Pain Assessment Terminology

Refer to Pain Assessment Tools for specific examples: NRS; Iowa Pain Thermometer-RevisedFACESPAINADPACSLAC


Definition: How long the pain has been experienced and continues to be present (lasting minutes or hours).

Clinical Use:

This information is critical for evaluating the effectiveness of the treatment plan.

Duration of pain can be gathered as part of a comprehensive history of the pain as well as each time pain is assessed.


Definition: The number of occurrences in a specified period of time; how often the pain is experienced in a given time period.

Clinical Use:

Knowing the frequency of pain is useful in developing treatment strategies and for individualized scheduling of care activities.

Intensity (or Severity)

Definition: The older adult’s descriptive rating of the pain experience.

Clinical Use:

Usually helpful to identify intensity for the older adult’s ‘worst pain’ over a specified period of time as well as ‘the best the pain gets’ in a particular time period.

Assessing the older adult’s present pain rating and an identified pain rating acceptable to the older adult is also important.

Use the most appropriate scale individualized to the older adult’s cognitive and sensory abilities.


Definition: Anatomic site(s) of pain.

Clinical Use:

Older adults often have pain in more than one location.

Identify and document all sites with corresponding intensity and character.

Pain maps are very useful in documenting all pain locations, guiding therapy, and as a tool in providing daily care (e.g., CNAs can use the pain map to establish the least painful ways to turn and/or ambulate the person they’re working with).


Definition: Description of the experience of the beginning of the pain.

Clinical Use:

The older adult may describe a sudden or gradual development of the pain, associated with a known injury or illness.

Asking about onset can also help identify pain triggered by specific movement or activity.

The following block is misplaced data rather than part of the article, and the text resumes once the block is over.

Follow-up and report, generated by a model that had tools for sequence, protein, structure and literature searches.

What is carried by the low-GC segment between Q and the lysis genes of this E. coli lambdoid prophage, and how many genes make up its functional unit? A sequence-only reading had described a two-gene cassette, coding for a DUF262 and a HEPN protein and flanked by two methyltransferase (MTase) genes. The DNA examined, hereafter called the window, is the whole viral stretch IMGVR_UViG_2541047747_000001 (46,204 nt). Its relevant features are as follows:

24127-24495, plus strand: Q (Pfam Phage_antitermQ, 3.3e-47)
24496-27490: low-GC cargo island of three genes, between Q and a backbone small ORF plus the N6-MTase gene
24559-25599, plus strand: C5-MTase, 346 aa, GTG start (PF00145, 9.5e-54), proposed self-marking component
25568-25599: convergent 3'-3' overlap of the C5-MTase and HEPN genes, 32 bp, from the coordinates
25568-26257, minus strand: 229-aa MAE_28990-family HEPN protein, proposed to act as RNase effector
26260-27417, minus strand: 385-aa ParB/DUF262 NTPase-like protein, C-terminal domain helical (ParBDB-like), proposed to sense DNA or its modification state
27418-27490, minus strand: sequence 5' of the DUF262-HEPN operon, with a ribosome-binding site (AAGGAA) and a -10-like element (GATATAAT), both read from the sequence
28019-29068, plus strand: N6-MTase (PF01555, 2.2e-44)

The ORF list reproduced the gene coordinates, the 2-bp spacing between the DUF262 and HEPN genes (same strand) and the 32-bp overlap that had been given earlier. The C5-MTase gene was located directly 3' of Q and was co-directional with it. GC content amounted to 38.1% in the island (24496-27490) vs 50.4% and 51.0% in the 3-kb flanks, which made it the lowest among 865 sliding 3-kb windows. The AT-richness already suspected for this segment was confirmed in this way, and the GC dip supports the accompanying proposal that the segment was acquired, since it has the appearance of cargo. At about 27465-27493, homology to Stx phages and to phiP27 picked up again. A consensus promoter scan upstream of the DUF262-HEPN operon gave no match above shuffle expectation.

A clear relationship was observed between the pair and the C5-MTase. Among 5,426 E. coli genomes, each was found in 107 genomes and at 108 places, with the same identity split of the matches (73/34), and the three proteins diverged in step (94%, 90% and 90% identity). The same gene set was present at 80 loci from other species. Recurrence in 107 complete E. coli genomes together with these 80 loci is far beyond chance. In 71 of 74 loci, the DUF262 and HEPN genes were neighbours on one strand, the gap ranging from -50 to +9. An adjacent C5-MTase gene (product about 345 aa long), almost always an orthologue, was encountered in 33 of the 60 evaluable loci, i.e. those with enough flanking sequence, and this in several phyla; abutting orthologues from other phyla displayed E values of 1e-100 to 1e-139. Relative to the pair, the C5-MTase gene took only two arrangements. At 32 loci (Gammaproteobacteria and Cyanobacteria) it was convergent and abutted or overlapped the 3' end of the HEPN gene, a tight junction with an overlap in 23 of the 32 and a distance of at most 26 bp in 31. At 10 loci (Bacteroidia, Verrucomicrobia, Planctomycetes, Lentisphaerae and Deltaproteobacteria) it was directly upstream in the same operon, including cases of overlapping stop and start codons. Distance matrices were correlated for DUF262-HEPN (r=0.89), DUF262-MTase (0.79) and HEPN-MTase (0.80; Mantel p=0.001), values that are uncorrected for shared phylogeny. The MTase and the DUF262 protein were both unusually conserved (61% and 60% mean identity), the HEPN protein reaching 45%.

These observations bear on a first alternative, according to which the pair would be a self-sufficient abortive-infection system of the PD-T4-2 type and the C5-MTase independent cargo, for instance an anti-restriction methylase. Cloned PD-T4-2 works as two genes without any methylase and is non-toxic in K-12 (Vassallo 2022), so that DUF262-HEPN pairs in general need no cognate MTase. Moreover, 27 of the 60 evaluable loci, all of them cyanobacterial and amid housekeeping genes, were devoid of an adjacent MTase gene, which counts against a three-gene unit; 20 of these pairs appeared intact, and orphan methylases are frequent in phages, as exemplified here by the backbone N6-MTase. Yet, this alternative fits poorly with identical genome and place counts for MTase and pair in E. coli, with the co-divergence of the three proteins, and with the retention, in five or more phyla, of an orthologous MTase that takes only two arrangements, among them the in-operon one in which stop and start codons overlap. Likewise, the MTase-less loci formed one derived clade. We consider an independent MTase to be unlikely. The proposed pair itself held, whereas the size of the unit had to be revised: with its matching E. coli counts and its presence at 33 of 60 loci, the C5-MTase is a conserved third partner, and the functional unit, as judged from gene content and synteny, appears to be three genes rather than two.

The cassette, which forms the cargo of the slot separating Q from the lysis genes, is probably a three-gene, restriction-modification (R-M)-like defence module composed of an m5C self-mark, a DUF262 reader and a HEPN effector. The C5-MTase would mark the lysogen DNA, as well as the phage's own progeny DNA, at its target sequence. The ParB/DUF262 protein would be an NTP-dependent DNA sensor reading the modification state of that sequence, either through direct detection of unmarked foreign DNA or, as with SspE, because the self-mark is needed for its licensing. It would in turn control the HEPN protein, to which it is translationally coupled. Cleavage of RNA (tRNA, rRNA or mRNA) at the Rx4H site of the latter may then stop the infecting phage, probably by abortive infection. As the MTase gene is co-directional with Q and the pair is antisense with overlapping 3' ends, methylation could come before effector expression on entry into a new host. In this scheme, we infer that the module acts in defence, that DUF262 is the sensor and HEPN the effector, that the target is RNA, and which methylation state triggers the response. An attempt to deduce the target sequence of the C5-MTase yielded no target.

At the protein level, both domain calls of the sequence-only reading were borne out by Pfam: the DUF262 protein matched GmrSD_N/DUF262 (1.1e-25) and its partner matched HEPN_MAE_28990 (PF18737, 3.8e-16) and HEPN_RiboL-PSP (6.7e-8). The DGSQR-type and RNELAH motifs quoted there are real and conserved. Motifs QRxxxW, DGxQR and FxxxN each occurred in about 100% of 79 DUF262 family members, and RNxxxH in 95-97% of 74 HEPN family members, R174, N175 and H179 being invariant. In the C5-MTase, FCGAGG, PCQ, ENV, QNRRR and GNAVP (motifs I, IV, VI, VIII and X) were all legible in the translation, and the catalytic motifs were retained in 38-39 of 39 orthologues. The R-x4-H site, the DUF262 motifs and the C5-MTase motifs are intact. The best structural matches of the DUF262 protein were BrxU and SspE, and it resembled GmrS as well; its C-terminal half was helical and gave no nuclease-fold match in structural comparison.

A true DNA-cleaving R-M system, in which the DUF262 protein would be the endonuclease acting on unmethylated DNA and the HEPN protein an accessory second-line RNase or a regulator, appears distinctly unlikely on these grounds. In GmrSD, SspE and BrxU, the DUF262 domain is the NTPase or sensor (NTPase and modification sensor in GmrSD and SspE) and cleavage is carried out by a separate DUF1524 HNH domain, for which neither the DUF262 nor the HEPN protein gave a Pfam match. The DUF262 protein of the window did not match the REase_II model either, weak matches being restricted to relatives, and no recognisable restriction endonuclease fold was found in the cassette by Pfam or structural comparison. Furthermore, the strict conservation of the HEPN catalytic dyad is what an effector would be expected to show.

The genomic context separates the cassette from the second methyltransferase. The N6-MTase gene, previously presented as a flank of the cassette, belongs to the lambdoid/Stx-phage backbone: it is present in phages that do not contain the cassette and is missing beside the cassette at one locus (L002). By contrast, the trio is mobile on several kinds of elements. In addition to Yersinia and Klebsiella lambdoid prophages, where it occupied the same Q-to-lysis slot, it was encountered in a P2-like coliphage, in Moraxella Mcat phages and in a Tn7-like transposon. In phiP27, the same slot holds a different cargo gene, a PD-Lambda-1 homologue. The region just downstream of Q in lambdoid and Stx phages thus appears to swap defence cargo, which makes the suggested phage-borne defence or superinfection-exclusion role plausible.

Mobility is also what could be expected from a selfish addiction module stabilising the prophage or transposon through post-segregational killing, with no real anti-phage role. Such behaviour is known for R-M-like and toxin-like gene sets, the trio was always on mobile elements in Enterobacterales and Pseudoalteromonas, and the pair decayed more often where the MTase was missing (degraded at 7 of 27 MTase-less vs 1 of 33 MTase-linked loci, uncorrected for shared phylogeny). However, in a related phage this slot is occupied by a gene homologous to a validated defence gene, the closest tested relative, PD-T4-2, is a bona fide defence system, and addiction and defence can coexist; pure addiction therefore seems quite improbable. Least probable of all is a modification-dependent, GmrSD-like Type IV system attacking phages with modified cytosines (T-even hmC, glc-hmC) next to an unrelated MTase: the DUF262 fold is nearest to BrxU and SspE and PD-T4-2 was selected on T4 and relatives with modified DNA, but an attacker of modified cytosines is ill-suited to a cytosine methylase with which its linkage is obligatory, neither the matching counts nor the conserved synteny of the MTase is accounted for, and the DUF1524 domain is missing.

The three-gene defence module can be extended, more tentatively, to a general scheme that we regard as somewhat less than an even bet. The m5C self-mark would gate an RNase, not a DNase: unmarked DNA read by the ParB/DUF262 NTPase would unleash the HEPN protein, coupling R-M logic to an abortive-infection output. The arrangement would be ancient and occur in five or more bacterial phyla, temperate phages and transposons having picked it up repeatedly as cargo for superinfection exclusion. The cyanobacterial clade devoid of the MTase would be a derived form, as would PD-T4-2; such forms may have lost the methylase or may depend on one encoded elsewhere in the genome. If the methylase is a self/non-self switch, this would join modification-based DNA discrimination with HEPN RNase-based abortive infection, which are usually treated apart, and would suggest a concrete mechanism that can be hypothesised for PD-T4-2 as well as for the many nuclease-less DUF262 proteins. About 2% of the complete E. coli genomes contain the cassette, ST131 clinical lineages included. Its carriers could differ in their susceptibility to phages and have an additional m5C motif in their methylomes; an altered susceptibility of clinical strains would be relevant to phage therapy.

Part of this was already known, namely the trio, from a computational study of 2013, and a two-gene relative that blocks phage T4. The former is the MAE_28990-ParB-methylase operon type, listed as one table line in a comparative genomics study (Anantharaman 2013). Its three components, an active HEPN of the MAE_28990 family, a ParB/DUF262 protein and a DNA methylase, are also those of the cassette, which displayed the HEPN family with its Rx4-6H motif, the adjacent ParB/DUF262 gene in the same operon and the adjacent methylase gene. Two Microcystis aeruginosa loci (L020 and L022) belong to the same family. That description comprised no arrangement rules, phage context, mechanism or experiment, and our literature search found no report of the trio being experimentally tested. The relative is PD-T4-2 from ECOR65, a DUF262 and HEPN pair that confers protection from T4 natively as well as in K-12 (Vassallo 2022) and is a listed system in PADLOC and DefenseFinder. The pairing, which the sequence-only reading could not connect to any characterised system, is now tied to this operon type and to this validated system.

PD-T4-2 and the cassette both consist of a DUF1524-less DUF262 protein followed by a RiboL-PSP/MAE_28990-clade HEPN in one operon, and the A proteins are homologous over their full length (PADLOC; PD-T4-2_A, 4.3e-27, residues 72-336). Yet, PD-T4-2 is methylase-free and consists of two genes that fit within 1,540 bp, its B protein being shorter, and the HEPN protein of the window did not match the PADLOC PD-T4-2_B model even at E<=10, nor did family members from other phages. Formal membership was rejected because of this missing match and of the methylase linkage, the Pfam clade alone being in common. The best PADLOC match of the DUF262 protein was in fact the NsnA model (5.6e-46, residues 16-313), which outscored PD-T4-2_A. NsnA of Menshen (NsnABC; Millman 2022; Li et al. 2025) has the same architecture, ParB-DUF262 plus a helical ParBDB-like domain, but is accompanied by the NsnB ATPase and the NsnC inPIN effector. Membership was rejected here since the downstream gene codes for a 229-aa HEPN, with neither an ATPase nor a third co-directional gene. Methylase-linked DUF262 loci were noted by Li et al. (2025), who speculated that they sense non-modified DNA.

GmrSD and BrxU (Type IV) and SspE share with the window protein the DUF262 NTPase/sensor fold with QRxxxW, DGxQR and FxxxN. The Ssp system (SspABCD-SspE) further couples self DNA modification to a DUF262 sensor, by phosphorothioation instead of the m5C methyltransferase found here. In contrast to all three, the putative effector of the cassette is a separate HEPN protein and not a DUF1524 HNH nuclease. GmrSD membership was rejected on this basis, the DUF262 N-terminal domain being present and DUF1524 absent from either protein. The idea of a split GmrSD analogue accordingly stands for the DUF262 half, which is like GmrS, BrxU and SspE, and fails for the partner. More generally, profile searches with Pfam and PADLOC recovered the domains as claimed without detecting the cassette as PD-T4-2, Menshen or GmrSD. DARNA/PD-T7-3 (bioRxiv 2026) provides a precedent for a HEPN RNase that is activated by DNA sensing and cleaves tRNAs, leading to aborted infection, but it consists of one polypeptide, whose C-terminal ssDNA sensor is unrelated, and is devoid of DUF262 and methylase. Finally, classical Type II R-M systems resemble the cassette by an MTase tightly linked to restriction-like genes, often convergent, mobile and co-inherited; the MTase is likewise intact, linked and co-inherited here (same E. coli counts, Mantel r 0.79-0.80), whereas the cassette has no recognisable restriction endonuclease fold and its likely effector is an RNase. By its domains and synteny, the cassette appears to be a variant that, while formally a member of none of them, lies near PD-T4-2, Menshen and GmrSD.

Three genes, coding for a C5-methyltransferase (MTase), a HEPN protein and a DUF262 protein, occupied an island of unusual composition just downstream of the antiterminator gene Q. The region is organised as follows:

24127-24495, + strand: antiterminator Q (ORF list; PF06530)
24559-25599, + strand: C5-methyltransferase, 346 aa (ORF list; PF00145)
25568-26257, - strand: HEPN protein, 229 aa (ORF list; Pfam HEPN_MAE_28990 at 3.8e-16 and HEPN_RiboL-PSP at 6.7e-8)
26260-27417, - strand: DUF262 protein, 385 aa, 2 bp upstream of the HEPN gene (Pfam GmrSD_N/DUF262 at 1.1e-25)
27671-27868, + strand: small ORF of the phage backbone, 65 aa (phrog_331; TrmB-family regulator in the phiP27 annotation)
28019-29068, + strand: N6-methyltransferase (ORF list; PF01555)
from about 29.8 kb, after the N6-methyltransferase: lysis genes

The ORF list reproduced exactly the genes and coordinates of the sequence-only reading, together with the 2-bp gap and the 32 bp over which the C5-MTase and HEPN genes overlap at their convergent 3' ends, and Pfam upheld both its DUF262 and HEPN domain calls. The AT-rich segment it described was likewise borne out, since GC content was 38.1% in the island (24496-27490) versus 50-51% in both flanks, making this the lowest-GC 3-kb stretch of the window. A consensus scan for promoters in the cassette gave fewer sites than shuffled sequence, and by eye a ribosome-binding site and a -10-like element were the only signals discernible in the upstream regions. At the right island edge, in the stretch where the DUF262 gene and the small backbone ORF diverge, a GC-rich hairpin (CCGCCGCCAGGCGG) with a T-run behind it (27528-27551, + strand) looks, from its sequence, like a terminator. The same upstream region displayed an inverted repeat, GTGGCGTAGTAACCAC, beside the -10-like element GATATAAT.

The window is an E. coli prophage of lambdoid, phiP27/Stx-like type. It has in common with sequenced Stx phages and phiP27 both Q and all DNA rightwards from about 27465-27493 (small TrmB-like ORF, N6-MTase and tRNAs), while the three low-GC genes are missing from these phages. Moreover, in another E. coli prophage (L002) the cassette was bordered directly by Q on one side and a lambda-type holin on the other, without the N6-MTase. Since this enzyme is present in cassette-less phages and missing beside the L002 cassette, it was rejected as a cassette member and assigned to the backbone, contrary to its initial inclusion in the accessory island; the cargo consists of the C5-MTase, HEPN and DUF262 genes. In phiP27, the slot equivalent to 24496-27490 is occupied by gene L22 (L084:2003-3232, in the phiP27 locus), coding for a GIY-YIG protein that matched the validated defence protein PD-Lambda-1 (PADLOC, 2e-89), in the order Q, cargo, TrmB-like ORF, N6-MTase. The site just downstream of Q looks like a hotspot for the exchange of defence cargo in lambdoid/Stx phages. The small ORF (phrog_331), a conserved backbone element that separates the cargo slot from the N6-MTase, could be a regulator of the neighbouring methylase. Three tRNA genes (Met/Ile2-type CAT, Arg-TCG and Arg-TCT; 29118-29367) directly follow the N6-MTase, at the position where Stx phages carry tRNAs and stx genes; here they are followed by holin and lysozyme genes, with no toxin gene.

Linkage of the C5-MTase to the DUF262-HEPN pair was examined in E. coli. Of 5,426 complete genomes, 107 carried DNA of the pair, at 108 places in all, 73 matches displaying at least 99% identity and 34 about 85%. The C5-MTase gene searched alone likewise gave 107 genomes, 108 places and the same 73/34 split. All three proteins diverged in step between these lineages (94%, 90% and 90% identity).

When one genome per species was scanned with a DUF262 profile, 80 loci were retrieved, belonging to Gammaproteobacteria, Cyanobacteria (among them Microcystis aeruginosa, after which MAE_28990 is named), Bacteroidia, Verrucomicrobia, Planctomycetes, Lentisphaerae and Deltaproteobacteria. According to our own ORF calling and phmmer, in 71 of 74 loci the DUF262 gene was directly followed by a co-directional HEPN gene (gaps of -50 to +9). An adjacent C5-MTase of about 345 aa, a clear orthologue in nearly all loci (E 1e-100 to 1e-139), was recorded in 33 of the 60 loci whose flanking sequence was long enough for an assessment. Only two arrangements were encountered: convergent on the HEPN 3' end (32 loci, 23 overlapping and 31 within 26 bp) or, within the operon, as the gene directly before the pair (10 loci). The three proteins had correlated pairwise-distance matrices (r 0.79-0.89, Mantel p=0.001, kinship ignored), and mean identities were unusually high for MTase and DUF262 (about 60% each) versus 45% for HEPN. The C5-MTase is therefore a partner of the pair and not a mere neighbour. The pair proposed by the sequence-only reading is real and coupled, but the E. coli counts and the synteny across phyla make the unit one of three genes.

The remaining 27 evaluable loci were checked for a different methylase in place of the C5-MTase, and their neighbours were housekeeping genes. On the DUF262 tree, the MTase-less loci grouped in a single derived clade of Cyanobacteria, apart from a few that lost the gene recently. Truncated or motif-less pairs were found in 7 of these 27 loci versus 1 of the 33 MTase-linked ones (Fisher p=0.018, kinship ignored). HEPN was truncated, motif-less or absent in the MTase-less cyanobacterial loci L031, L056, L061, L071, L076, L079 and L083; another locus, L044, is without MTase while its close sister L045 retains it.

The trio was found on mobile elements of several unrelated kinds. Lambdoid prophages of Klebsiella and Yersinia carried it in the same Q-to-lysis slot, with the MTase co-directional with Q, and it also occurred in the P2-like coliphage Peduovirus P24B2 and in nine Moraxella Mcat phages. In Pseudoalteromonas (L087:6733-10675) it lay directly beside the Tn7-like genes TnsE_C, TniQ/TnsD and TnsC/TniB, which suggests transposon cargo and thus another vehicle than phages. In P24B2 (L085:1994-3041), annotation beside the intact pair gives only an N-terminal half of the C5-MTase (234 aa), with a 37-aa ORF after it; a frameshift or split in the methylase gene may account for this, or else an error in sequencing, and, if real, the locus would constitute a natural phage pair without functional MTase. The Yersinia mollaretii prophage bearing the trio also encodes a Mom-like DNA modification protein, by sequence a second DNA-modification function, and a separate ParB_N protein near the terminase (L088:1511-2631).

Pattern (or Rhythm)

Definition: The course of the pain over time including variations, often influenced by times of day (e.g., certain hours of the day, night or day, monthly patterns), periods of rest, or specific or general activity/movement.

Clinical Use:

Older adults can experience constant and/or episodic pain.

Analgesic therapy should be tailored to these patterns.

For example, short-acting analgesics are most appropriate for episodic pain, whereas long-acting agents are best for constant pain. Routinely dosed, short-acting agents may work well as an alternative to long-acting opioids in older adults.

Older adults with both constant pain and episodic increases in pain (breakthrough pain) need both short-acting and long-acting medications

Quality (or Character)

Definition: Description of the characteristics of the pain, preferably in the words used by the older adult to describe the pain.

Clinical Use:

Helpful in determining the type of pain to guide the most appropriate analgesic.

If the older adult has difficulty describing the pain, it may be helpful to offer examples of descriptions.

These may include the following: aching, sore, cramping, pounding, sharp, throbbing, dull, nagging, penetrating, shooting, numb, tingling, spasm, burning, gnawing, pressure-like, radiating, stabbing, tingling, tender, knife-like, etc..

Pain Assessment Terminology - PDF version


Definitions Related to the Use of Opioids for the Treatment of Pain: a consensus document from the American  Academy of Pain Medicine the American Pain Society, and the American Society of Addiction Medicine, 2009.

Public Policy Statement on the Rights and Responsibilities of Healthcare Professionals in the Use of Opioids for the Treatment of Pain. A consensus document from the American Academy of Pain Medicine, the American Pain Society, and the American Society of Addiction Medicine. Available at:

Promoting Pain Relief and Preventing Abuse of Pain Medications: A Critical Balancing Act, a Joint Statement. From 21 Health Organizations and the Drug Enforcement Administration, 2001. Available at:

Fine, P. G., & Portenoy, R. K. A Clinical Guide to Opioid Analgesia, New York: McGraw Hill, 2007.